Arthur Somerville Auctioneer of Beecroft and William Joseph Donnelly of Ashfield. In 1915 it was acquired by Ellen Bruton and Helena Bourke both of Darlinghurst who speculated in land. They sold in 1921 to William Crane Cooper who sold in 1925 to Aubrey William Lofts.

Mr Lofts built a small home on the land in 1926. In 1929 he sold the home to Garfield Edward Barwick who was at that stage a young barrister. Barwick had married Norma Mountier Symonds in March 1929. As he had only been at the Bar for two years they had to finance the purchase with a first and second mortgage. As a consequence of his going guarantor for his two younger brothers buying into a petrol station, and the business failing, Barwick was bankrupted. The second mortgagee foreclosed and the Barwicks had to repurchase their home.[2] Building upon the original home, the Barwick’s designed and built a far more extensive property in the English Tudor style.   Above the fireplace,  where the family's coat of arms would normally be carved, the yet to be knighted Barwick had carved the crest of   Fort  Street High School. The name of the house is an Aboriginal word meaning 'only two'. 
94Crescent1x         94CrescentChel1               94CrescentChel3x
 In 1955 the Barwicks moved to a new home in Maher’s Road (subsequently demolished for the motorway) and sold the property to Lindsay Aynsley an accountant.      

[1] H Barker
Houses of Hornsby Shire Vol 2
(Hornsby, 1998) pp 64-68

[2] G Barwick
A Radical Tory (Sydney, 1995) pp 26-27

[1] H Barker
Houses of Hornsby Shire Vol 2
(Hornsby, 1998) pp 43-46


[1] H Barker
Houses of Hornsby Shire Vol 2
(Hornsby, 1998) pp 47-50

[1] Henry Little built a timber cottage ‘Glenbower’ in 1907 at 52C Beecroft Road

[2] Ada Emmeline Fox was born in Tumut and married an architect William Mark Nixon in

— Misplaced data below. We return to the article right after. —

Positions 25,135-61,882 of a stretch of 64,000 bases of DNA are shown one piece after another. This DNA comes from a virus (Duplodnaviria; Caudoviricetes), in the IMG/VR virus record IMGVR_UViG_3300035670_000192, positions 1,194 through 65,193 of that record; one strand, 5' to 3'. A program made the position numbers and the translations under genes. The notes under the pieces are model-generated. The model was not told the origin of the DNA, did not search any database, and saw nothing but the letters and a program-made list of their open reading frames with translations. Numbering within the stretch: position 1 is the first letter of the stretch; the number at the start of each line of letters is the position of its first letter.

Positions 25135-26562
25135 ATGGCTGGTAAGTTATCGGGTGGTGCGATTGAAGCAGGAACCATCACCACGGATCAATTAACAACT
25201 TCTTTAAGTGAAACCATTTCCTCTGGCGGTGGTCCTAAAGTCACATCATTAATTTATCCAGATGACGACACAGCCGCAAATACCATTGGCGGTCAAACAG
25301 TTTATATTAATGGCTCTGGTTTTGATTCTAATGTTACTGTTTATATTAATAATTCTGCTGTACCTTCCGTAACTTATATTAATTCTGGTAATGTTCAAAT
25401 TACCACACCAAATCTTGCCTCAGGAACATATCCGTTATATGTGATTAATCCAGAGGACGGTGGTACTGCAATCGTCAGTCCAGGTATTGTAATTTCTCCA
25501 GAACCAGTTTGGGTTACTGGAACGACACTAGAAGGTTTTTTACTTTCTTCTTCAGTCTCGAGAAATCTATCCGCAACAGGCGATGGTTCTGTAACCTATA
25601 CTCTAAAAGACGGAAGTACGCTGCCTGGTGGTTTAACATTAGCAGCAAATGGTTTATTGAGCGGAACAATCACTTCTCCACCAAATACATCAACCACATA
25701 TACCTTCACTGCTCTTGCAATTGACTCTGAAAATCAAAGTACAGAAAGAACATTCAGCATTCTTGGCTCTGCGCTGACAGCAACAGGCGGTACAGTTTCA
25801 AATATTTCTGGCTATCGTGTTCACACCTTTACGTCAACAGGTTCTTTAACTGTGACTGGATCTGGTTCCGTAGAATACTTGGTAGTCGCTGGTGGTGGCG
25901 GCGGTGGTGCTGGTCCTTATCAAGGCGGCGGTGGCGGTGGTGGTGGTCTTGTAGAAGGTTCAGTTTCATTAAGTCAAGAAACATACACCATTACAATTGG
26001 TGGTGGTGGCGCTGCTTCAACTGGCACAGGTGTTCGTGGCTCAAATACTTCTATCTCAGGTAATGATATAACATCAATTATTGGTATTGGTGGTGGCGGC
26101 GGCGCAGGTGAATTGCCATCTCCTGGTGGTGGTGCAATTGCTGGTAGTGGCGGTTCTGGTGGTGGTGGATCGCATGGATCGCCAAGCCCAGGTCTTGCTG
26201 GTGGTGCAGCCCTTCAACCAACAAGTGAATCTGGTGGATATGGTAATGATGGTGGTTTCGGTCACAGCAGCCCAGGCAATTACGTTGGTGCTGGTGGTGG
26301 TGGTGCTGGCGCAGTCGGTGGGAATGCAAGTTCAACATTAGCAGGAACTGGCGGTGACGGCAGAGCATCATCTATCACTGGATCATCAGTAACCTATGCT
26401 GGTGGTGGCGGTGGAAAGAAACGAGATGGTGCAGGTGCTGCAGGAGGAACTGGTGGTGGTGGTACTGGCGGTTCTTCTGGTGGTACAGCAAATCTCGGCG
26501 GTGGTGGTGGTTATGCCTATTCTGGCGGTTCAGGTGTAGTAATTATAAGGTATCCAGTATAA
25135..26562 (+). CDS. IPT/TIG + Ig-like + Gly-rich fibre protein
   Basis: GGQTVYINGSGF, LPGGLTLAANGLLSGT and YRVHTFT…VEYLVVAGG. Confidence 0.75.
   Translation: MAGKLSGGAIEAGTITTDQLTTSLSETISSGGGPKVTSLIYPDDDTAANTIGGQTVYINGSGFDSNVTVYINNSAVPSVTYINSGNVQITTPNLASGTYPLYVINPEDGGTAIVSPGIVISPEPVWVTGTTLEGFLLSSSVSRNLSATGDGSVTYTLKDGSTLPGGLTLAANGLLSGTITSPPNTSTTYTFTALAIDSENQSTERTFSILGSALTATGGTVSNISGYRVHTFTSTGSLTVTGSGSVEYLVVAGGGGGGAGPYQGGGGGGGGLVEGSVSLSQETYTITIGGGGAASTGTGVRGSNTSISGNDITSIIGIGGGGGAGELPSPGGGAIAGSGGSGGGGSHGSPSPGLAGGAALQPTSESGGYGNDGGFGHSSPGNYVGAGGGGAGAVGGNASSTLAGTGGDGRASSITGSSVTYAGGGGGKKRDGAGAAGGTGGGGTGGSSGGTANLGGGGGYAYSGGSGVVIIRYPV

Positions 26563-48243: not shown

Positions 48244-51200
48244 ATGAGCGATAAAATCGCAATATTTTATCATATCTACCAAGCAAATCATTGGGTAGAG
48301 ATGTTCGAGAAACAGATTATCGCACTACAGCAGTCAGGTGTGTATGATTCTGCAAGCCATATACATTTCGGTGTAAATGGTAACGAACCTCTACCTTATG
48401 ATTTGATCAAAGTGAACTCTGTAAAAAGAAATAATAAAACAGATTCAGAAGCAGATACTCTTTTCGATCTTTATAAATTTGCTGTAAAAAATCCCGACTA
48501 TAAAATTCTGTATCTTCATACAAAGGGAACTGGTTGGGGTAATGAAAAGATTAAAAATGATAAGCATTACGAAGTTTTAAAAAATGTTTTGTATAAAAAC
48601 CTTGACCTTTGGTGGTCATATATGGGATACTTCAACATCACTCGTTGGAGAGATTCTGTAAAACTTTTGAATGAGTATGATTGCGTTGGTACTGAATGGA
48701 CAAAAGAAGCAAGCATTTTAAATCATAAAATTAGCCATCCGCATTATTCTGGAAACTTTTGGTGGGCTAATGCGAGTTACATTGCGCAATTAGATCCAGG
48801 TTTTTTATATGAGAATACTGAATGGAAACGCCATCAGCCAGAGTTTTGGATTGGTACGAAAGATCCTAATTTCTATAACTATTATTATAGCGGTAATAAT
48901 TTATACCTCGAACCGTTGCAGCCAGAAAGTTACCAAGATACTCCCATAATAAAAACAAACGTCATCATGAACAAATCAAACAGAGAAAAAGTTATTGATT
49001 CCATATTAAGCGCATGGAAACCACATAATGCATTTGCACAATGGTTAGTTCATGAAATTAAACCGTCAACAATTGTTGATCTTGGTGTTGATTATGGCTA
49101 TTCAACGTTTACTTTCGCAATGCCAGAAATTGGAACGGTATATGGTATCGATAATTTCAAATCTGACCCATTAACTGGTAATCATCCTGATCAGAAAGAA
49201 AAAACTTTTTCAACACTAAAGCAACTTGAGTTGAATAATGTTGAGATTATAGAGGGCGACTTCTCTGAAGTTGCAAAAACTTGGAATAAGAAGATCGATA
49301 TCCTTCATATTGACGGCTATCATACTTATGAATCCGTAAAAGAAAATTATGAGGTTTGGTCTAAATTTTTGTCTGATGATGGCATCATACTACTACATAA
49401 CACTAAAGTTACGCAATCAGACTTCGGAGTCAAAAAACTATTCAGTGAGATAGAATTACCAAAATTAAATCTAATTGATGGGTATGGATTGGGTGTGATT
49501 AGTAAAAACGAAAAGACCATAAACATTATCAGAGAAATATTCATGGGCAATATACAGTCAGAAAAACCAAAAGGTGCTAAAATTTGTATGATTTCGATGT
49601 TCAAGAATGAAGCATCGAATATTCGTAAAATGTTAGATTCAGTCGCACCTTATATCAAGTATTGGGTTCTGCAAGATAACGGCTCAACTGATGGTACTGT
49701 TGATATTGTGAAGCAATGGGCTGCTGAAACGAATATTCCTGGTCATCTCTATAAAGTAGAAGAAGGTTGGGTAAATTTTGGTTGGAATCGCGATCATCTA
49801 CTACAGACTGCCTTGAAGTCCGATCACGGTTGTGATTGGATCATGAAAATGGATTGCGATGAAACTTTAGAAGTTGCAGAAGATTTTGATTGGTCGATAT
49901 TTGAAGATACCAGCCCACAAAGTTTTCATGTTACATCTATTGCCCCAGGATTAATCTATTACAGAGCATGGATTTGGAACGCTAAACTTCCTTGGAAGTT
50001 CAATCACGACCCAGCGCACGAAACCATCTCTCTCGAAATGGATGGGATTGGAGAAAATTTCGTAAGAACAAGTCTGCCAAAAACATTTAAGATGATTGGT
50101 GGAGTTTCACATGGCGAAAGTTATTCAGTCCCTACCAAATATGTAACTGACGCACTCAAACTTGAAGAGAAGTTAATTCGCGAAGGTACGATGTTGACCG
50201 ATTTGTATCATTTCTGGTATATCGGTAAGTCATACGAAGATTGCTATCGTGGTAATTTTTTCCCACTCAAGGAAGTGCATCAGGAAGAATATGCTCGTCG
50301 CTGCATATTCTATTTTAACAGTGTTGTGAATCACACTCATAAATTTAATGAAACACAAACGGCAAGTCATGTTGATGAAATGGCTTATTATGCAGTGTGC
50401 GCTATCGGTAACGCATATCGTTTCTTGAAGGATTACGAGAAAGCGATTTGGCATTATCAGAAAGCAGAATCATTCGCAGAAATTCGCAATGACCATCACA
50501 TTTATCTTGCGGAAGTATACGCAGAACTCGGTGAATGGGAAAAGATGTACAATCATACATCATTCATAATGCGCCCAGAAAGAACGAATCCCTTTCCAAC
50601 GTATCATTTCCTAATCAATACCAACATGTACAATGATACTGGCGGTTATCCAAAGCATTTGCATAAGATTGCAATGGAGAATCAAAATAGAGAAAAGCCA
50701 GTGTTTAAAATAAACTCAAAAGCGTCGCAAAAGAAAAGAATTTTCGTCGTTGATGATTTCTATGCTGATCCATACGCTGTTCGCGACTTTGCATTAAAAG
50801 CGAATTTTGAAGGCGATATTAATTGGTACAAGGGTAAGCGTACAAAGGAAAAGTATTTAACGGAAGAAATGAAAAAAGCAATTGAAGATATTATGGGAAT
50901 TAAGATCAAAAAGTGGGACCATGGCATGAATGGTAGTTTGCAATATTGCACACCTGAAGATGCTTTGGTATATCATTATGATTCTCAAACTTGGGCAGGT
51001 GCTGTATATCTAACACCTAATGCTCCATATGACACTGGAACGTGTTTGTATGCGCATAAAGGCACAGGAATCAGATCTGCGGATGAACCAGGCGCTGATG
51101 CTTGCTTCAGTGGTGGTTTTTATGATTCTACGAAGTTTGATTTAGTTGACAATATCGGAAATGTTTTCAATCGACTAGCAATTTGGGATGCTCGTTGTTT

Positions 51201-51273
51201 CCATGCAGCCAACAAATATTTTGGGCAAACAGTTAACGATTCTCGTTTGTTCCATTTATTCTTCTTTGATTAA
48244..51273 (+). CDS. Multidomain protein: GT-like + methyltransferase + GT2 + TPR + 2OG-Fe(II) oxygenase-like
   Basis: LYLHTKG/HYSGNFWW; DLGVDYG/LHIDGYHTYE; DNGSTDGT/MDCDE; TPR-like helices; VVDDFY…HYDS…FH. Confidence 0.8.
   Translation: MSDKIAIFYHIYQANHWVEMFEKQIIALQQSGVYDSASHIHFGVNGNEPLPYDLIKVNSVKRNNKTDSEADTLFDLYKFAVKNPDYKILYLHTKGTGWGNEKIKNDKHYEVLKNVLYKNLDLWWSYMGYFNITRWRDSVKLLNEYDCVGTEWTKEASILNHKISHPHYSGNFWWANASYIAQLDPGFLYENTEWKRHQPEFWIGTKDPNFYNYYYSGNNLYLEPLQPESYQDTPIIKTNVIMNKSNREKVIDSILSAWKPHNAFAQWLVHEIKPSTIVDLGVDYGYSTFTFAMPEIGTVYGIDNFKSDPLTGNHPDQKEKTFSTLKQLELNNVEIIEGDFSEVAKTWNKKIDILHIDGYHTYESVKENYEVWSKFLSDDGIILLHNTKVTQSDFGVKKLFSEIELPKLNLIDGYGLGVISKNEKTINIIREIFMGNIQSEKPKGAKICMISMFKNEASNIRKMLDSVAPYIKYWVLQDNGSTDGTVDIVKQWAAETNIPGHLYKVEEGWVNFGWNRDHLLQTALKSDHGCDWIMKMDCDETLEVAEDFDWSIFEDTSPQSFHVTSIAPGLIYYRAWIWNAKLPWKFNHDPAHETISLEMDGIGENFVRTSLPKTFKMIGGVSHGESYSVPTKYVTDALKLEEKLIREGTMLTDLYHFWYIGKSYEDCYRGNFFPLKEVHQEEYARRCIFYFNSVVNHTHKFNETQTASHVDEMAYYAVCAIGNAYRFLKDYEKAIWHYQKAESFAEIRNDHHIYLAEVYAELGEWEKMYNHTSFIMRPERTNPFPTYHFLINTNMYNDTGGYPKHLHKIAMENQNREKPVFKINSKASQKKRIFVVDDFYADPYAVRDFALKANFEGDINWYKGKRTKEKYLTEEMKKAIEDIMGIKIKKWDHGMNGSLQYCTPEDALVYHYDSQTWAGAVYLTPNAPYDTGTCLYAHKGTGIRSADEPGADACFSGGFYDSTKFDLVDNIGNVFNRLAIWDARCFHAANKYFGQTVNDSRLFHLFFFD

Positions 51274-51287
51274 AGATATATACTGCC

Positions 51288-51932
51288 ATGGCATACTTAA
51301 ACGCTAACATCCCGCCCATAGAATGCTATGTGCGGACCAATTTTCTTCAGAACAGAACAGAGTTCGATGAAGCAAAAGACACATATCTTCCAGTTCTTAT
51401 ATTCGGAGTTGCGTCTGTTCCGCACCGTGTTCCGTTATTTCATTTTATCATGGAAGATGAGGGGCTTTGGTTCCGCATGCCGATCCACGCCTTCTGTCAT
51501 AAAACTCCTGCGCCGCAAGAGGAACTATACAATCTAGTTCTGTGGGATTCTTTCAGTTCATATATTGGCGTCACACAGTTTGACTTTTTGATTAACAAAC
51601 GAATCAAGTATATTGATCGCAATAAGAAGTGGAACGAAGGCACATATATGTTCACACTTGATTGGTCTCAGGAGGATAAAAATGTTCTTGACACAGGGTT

1886. Following their marriage they lived in Ashfield however decided to move
to a healthier climate because of the asthma suffered by their youngest son,
Alan. William designed their new home “Lynwood” in Malton Road on land
purchased in 1904. The house was named after the town where his parents lived
in England. They sold this home in 1911, once their sons left home, to Mary Bell North,
wife of John George North, stockbroker. Mr & Mrs Nixon moved into smaller homes as their children left home - on the other side of Malton Road (designed by either William or their son Charles) at numbers 11 and then 7 until each died in 1931 and when Mrs Nixon was 80. Source: H Barker & M Elven Houses of Hornsby Shire Vol 1 (Hornsby, 1989)

[3] history/williamwoodland (1844-1851) accessed 11 June 2006.

[4] Obituary, The Australian Leather Journal, 15 March 1920, p 784

[5] Obituary, The Australian Leather Journal, 15 March 1920, p 784

[6] Conversation of the author with Mary Vernon 11 June 2006

[7] Conversation of the author with Mary Vernon 11 June 2006

[8] Email of 15 May 2006 to the author from Janine Dunne.

[9] John Alfred North lived in ‘Mindaribba’ Malton Road Beecroft which he had purchased
in 1934. Source: H Barker & M Elven Houses of Hornsby Shire Vol 1 (Hornsby. 1989)

[10] Conversation of the author with Mary Vernon 11 June 2006

[11] P & R Wherrett Desirelines (Hodder, Sydney, 1997) pp 37, 39 & 54

[12] Conversation of the author with Mary Vernon 11 June 2006

[13] Alice and Charles Dobbie had also purchased subdivided land in 1901 from Thomas Henry
Brown Skellett of ‘Chetwynd” Copeland   Road East Beecroft.

[14] Beecroft Cheltenham Civic Trust folder in the archives of the Beecroft Cheltenham History Group

[15] Conversation of the author with Mary Vernon 11 June 2006

[16] Beecroft Cheltenham Civic Trust folder in the archives of the Beecroft Cheltenham History Group

[17] H Barker & M Elven Houses of Hornsby Shire Vol 1 (Hornsby, 1989) pp 49-51

[18] For more information on C C Tucker refer to the section on people in Beecroft/Cheltenham